- Pay attention to due dates and don't expect your instructor to remind you when deadlines are approaching.
- Make sure that you come to class prepared. The instructor may do weekly posts with information or activities that you need to complete before you come to the face to face meeting; check your course site often.
E-mail will be an integral part of this course. Make sure you:
- Check your e-mail at least twice per week (more frequently is better).
- Be patient. Don’t expect an immediate response when you send a message. Generally, two days is considered reasonable amount of time to receive a reply.
- Include “Subject” headings: use something that is descriptive and refers to a particular assignment or topic.
- Be courteous and considerate. Being honest and expressing yourself freely is very important, but being considerate of others online is just as important as in the classroom.
- Make every effort to be clear. Online communication lacks the nonverbal cues that fill in much of the meaning in face-to-face communication.
- Do not use all caps. This makes the message very hard to read and is considered “shouting.” Check spelling, grammar, and punctuation (you may want to compose in a word processor, then cut and paste the message into the discussion or e-mail).
- Break up large blocks of text into paragraphs and use a space between paragraphs.
- Sign your e-mail messages.
- Never assume that your e-mail can be read by no one except yourself; others may be able to read or access your mail. Never send or keep anything that you would not mind seeing on the evening news.
Note: Review the Netiquette
Discussion Forum Guidelines
An important component of this course is collaboration with your peers. To encourage discussion of course content with your classmates, several discussion assignments have been created. These assignments were designed to give you an opportunity to learn from your peers and talk about your own thoughts and ideas about different material covered in the course. The following guidelines were created to help you better understand just how to approach these assignments and work through them with your peers.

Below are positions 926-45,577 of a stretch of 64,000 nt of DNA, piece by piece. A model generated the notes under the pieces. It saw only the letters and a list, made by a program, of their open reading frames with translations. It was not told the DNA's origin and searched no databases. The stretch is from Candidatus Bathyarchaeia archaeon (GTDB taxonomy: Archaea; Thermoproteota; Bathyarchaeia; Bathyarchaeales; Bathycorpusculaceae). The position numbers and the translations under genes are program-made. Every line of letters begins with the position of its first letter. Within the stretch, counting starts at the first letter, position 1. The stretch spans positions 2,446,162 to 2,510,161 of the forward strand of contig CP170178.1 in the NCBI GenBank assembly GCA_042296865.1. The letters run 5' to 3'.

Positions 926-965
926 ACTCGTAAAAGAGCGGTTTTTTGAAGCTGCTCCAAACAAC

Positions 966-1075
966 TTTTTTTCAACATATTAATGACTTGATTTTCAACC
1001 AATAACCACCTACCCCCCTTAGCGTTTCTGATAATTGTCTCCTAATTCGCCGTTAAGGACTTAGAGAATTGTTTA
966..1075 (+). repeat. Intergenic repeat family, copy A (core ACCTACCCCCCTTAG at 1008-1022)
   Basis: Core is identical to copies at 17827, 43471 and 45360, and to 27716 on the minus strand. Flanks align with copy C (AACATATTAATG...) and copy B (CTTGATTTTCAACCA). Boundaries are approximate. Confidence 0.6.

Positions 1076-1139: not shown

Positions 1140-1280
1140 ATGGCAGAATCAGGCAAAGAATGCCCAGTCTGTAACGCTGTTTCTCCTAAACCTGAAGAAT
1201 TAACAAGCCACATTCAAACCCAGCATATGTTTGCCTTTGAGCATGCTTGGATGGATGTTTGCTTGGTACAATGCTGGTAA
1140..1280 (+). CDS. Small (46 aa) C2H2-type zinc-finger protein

- The first assignment will allow you to feel your way through a discussion forum. This assignment will allow you to share information that will allow you to get to share information with your peers.
- Take the discussion assignments seriously. It is important that everyone attempt to participate in group discussions, and participation should involve posting not only your own thoughts about an assignment, but responding to what your peers have to say. It is important that you respond in timely manner. Remember that if you wait until the last minute to post a thought, or idea, others will not have time to respond.
- Participation in discussion groups counts toward your grade. It is a good practice to always check the Discussions multiple times during the week.